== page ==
Here’s what happens. When the Drobo is connected to a computer and the Drobo Dashboard software isn’t running, the Drobo’s capacity meter will overestimate the used space, potentially triggering a low space alert. When the Drobo Dashboard software is started, it does its own used space calculations and corrects the capacity meter, literally turning off one to two or even three of the blue LEDs that indicate how much space is used.
There are 10 blue LEDs, one for each 10% of space used on the Drobo. When I connect one of my Drobos to my computer, the capacity meter lights up 9 of the LEDs, indicating 90% disk space used. When I start up the Drobo Dashboard software, two of the lights are turned off, leaving 7 on, or 70% disk space used. Also, although low space warnings are triggered when the Drobo Dashboard is started, after it calculates the space used, the warning go away, and the Dashboard screen goes from yellow to green.
I made a video which shows this quite clearly. I apologize for its poor quality, but I made it without any prior setup, just to show you that I’m not making this up. This also happens for my other Drobo, where the capacity meter shows 50% disk space used when I connect it, but drops to 30% disk space used when I start up the Drobo Dashboard. If you have a Drobo yourself, try it out and see.
➡ Download Drobo overestimates used space (640×480, MP4, 35MB)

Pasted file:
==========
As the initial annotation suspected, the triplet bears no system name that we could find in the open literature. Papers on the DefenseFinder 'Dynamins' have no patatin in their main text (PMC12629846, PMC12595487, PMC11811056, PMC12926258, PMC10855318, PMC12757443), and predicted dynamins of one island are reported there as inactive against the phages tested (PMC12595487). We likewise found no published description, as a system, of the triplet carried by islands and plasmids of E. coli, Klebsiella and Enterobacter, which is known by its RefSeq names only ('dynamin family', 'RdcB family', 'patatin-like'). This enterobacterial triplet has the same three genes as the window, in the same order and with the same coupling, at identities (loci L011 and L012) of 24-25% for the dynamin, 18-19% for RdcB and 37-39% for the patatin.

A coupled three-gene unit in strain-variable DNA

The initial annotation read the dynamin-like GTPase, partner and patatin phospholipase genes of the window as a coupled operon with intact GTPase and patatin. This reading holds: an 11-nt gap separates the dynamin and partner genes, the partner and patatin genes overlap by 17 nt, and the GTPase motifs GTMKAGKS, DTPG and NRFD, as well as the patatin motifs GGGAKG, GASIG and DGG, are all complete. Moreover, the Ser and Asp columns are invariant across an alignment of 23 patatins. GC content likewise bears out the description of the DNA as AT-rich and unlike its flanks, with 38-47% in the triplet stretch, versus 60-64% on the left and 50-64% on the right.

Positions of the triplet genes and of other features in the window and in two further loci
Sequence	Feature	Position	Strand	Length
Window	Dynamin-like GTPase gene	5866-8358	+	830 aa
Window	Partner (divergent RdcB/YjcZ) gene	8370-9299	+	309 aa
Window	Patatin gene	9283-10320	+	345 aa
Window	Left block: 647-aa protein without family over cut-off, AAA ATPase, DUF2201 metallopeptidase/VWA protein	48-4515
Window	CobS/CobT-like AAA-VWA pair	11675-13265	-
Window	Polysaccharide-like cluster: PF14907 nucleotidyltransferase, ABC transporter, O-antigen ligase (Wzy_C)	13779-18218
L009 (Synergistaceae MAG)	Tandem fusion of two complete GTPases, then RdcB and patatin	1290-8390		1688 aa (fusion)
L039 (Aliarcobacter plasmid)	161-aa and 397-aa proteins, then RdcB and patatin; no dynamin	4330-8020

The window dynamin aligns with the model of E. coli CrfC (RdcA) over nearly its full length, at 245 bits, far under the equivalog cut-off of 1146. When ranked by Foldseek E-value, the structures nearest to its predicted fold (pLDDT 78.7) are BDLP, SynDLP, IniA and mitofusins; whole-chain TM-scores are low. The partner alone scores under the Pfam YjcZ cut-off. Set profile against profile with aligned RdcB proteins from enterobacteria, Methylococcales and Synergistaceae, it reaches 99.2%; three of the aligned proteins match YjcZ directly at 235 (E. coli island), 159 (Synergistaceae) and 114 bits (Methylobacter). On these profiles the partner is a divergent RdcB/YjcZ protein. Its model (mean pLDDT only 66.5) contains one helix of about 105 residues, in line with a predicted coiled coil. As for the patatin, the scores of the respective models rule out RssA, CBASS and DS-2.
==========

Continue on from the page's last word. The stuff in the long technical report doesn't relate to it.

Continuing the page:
I notified Drobo Support of this issue a couple of days ago, but I have not yet received a reply from them. I will be glad to include any feedback/clarification from them right here, and will update this post with further information as I receive it.
I should also point out that there’s still no fix for the other two issues I outlined in my original Drobo review recently, where I pointed out that:
- The transfer speed slows down significantly (and somewhat inversely proportional) to the amount of disk space remaining on the Drobo after the 70% mark is reached. In other words, the less space there is (in terms of the percentage, not GB remaining), the slower it’s going to be to access and transfer data to the Drobo.
- The Drobo becomes excessively noisy when the fourth hard drive is inserted, and the fan will go into high gear when the Drobo isn’t even used. It seems this is loosely tied to the ambient room temperature, and once it goes over 75 degrees Fahrenheit, the fan kicks on and stays on for a long time. But again, you’ll only see this issue when the 4th hard drive is inserted. Given that the Drobo is a consumer device which is meant to operate at room temperatures, not in a climate-controlled server room, this is not appropriate behavior and should be corrected.